Israeli startup Mon4t paving the way for mental health digital revolution
Mon4t’s artificial intelligence-based smartphone app helps physicians better monitor and diagnose patients’ psychiatric symptoms in real-time
Mon4t, an Israeli medical device startup based in the northern town of Binyamina, is led by CEO Dr. Ziv Yekutieli, a brain scientist and high tech entrepreneur, and CTO Dima Gershman, an information systems engineer who works on data analysis. The company’s name is derived from the French word for “fortress” - with the team hoping it can provide those suffering from mental health issues some relief. The platform, coined Mon4t, is shorthand for monitoring a patient’s condition and tests four platforms: motor, cognitive, psychiatric, and medical history in real-time on any smartphone.
Recently, the company raised an undisclosed sum in a seed round from private investors, a small venture capital firm, Next Leap Ventures, as well as funding from the Israel Innovation Authority. It has already received FDA approval, and is working on collaborating with several large medical device and pharmaceutical companies, one of which is Medtronic. Currently, Mon4t is in the midst of a series A round, but has no plans to go public yet.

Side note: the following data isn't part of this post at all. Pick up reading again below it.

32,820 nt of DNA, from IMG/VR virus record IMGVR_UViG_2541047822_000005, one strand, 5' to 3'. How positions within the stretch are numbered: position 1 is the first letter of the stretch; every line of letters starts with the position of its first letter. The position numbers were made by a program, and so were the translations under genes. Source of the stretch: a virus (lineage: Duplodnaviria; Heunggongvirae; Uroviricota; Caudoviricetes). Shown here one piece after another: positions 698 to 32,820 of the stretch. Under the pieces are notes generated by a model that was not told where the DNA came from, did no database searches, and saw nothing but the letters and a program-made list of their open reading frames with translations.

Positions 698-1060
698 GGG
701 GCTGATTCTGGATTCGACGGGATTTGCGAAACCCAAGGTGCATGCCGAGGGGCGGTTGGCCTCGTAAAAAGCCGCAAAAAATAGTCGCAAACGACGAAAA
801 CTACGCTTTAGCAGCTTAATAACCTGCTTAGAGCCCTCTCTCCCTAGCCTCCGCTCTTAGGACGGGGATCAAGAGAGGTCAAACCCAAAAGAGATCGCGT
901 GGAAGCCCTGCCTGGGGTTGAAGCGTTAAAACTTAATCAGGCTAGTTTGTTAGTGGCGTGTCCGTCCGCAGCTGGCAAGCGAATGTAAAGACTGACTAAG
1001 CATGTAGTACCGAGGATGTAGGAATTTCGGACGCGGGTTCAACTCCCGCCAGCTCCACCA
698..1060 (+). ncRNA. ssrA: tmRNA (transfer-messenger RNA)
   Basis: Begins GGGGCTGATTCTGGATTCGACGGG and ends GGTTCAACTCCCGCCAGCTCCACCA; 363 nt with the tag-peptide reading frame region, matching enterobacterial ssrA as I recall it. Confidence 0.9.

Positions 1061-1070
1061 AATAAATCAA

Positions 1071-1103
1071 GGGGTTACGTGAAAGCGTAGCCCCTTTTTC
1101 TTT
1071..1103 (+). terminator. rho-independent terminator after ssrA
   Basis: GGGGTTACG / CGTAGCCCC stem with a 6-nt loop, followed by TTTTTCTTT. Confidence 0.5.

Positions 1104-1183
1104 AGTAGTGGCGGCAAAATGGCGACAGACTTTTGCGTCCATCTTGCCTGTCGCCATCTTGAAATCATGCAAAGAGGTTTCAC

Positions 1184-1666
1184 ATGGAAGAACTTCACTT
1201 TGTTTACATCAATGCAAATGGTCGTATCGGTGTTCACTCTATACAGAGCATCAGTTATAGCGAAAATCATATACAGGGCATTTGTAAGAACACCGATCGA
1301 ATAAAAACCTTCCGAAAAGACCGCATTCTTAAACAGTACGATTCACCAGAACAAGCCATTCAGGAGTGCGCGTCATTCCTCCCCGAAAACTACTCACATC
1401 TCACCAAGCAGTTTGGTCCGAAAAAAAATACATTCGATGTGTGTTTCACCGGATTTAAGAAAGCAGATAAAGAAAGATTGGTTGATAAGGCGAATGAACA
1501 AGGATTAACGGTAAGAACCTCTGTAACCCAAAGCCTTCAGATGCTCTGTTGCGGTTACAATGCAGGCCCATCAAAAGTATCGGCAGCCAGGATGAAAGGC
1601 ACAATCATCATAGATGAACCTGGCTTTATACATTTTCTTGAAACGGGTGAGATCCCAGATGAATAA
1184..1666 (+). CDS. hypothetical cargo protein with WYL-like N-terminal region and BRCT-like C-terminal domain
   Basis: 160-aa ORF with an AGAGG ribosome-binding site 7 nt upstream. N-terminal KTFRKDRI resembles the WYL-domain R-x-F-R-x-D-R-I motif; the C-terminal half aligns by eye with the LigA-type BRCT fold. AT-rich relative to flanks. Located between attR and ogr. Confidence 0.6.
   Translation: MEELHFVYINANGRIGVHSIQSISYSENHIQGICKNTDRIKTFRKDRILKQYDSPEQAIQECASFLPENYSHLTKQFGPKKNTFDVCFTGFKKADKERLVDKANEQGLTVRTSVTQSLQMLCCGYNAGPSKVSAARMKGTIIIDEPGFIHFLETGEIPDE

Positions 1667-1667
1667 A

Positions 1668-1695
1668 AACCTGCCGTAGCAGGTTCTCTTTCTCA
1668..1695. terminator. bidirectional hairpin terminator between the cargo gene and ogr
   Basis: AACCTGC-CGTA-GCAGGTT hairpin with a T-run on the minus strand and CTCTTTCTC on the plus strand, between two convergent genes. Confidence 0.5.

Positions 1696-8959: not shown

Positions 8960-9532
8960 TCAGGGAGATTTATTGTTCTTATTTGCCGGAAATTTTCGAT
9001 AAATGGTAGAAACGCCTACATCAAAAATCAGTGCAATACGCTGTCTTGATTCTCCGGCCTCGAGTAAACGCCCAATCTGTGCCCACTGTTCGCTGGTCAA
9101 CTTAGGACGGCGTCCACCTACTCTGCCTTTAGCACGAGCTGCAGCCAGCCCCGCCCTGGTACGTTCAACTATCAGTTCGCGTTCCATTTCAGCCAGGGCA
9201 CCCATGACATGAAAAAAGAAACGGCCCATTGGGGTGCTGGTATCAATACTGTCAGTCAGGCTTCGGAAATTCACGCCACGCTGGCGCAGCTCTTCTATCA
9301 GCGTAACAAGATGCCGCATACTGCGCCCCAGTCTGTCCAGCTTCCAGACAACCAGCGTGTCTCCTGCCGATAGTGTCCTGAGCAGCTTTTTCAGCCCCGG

“Our app addresses mental conditions, such as problems manifested in the most complex behavior of the brain, in patients’ mood swings, affective indicators, depression, and anxiety. These all have different levels of complexity and the root cause of the problem is often expressed in a variety of symptoms, which are often not well-understood,” Yekutieli told CTech.
Making science out of an app
According to current statistics, over 300 million people worldwide suffer from mental health disorders, including dementia, schizophrenia, depression, and various levels of anxiety. Mon4t’s app functions as a toolkit for neurological evaluation and consists of a set of different tests that allows physicians to quantitatively capture digital markers from patients in clinics and remotely.
“The toolkit covers motor aspects, such as tremors or sense of balance; cognitive aspects, such as memory, reaction time; and psychiatric ones, such as how much a patient stays indoors or leaves their house. These patterns of behavior are collected on the smartphone, along with physiological and medical records that are fed into the same platform from physicians so that medical professionals can get a complete picture of the patient’s condition as well as their genetics and family history,” he said.
Using the motor function, the app can test a person’s gait, or the way they walk, such as the similarity in steps, frequency, or whether they sway from side to side. Analyzing psychiatric conditions is slightly more complex, since the commonly used reference manual, the Diagnostic and Statistical Manual of Mental Disorders (DSM) is often cumbersome to use. “Since the field of psychiatry is very complex, it’s very difficult to make proper science out of it,” he noted. Together with Prof. Abraham Peled, a leading psychiatrist, a simplified version for reporting patients’ symptoms was programmed into the app. “Data collection is also done by the patients themselves which can provide psychiatrists with indicators regarding their activity,” he added.